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The fake WeWork takeover

Now this is amusing. Someone managed to get a fake press release onto BusinessWire. Which suggested there would be a $9 a share takover bid for WeWork:

Exactly and precisely what happened is still open. But a very useful thought is that someone sent a fake press release which BusinessWire then published. That was enough to trigger the – very shortlived – WeWork stock price rally. We can assume that those who sent it were long WeWork stock and sold out during that rally. If they tried to make a few tens of thousands of $ they’ll probably get away with the market manipulation too. Trade is of such size that a small profit cannot be filtered out from the general ebb and flow. What’s more likely is that a large position was taken in short dated call options. And that will be found – we’d guarantee to you that the SEC is, right now, combing those trading records. When found so will the perpetrators. And we don’t fancy their chances of either keeping any trading profits or, to be honest, out of jail.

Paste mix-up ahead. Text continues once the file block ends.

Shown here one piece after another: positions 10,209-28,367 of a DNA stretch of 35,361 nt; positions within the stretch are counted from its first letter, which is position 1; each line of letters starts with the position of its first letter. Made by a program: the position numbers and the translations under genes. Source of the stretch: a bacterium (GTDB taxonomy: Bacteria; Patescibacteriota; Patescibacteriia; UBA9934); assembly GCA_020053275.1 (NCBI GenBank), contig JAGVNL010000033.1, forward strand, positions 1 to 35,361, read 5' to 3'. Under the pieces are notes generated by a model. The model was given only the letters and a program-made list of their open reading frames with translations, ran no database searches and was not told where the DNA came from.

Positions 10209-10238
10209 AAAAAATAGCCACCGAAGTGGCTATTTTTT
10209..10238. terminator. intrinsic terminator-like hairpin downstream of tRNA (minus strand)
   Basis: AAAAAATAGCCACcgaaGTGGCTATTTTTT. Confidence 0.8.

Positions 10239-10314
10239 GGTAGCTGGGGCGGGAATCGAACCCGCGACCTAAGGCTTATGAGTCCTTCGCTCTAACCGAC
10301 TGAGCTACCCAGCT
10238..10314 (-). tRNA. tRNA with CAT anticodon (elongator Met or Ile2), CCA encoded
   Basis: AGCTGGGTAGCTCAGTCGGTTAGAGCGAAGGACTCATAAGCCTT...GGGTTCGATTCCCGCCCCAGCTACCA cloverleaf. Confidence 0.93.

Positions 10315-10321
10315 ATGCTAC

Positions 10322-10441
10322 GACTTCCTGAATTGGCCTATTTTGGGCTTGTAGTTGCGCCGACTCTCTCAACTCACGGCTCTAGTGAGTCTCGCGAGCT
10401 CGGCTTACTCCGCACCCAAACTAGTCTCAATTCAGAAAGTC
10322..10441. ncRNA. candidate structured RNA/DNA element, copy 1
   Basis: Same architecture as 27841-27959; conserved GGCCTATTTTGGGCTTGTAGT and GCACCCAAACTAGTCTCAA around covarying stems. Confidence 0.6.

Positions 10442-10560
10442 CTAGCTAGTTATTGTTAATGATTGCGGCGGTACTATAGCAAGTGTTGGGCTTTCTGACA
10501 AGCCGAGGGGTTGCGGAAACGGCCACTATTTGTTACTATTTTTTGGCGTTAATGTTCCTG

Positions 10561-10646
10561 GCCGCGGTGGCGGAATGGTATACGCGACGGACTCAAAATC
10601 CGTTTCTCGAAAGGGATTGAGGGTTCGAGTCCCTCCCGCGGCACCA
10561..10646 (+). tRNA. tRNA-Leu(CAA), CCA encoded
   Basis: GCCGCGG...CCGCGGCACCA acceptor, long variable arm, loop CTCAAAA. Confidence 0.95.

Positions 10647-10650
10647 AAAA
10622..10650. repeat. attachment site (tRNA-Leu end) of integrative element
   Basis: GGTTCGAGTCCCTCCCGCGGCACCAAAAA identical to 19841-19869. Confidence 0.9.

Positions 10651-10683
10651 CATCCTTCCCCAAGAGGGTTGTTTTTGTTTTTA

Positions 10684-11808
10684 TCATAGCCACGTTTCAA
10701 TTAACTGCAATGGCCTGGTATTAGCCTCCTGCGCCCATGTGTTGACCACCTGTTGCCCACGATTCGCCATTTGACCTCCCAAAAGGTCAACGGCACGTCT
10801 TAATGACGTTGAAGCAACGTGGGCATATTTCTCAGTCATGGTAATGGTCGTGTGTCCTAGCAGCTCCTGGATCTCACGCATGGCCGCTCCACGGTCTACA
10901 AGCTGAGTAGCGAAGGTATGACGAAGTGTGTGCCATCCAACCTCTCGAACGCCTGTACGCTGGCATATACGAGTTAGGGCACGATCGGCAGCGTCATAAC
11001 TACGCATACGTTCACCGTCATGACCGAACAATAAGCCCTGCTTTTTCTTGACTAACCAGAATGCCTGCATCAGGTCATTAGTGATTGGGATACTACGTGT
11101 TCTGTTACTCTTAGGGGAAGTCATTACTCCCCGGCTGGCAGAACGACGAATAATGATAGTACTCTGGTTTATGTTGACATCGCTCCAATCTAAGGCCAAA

Makes me want to applaud the effort and ingenuity. While still and also decrying the obvious criminality of it.

2 thoughts on “The fake WeWork takeover”

  1. What is illegal about someone sending a press release out? Especially one ‘suggesting’ something and not stating it. After all if the firm had done any due diligence it would have been ignored and the options would have lost money.

  2. The folks allegedly making the bid weren’t the folk who sent the press release out. Deliberate market manipulation from the people who did send it out therefore.

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